This podcast includes a discussion on:
- The general outlook for Semiconductor Manufacturers in 2013
- What semiconductor companies can do to keep themselves healthy
- Are semiconductor companies the weak link in the “smart products” revolution
- Will Semiconductor manufacturers get a return on the investment in information systems
- How the automotive industry is impacting makers of semiconductor chips
- Advice for semiconductor manufacturers for the new year
Will the semiconductor industry have a good year in 2013?
The outlooks that I’ve seen for 2013 indicate we’ll have some growth this year; better than last year, which isn’t saying too much. But the ranges I’ve seen are dramatically different, which can be attributed to the general global economic uncertainty. I’ve seen forecasts ranging from 2 to 16 percent growth, but I would say growth will fall somewhere in the middle of this range, around 8 percent.
As always in semiconductor, new applications and new devices will drive companies who haven’t been there before to enter the market. Unlike other manufactured goods markets, it is not so much consolidation we see as a continual shifting. For the semiconductor market, it should be a pretty good year. For any individual company, it will depend on who they are, their market strategy, and how they respond to changes that will take place.
What can semiconductor companies do to keep themselves healthy? Last year was difficult overall. How will companies cope in the coming year?
To stay healthy, the key is to stay close to your customers and what they are developing. That’s always been the case with semiconductors. Also, be thinking about new applications for your core capabilities and technologies.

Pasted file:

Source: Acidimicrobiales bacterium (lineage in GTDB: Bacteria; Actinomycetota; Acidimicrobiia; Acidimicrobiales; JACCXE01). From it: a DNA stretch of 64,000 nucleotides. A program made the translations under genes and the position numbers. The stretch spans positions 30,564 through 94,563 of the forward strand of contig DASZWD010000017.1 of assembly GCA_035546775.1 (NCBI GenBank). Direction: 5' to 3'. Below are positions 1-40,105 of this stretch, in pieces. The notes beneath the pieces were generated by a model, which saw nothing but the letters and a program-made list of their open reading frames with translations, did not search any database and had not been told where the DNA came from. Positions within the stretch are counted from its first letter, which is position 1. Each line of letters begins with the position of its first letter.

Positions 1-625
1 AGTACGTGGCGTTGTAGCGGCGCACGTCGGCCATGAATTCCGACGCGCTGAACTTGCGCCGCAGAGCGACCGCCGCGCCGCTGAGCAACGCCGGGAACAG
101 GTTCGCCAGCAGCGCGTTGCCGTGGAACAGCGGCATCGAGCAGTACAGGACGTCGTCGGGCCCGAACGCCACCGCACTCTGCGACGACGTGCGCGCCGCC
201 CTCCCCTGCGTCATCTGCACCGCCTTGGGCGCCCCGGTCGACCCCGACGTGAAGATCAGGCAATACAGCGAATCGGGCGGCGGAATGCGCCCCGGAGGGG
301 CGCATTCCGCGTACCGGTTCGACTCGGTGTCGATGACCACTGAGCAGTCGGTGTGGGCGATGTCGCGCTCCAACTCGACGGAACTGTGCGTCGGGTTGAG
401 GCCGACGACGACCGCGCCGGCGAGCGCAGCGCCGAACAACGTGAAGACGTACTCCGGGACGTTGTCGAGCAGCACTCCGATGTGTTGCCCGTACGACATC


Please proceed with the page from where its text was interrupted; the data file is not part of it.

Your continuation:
As the U.S. economy begins to recover, these are the key questions: How do we invest to make sure we’re well positioned to capture the available growth? Where do we invest? That latter question has been a thorny issue for many companies. They haven’t invested where and when they needed to.
Some investing should be in sales and marketing; but it’s also important to invest in operations. With so many new opportunities and demands, sometimes the products and processes are adequate to meet them. But new competitors will challenge if you don’t invest in new products, new ways of making products, and perfecting those products and processes. So I think there is a clear need for many semiconductor companies to evaluate their operational investments.”
You have warned that semiconductor companies may be the weak link in the smart product revolution. Why?
Yes, I have been saying that semiconductor companies are potentially the Achilles heel in the smart products revolution.I’ve done research recently that indicates nearly a third of semiconductor companies are using systems over a decade old, which are truly antiquated to run their production lines.
It would be one thing if their customers were doing this too; but they’re not.
Very few of the companies that semiconductor firms are “built into” have such antiquated systems. They expect their suppliers to provide them with not only high quality products, but also information to see how and why they can do this consistently.
Other manufacturers (e.g., automotive, aerospace, and electronics) can do this because they’ve made the investment in operational information systems. Many semiconductor companies are spending countless man-hours to provide operational information, and that’s just not a sustainable business model. They really need to learn to run more like their customers, to get and deliver that information efficiently.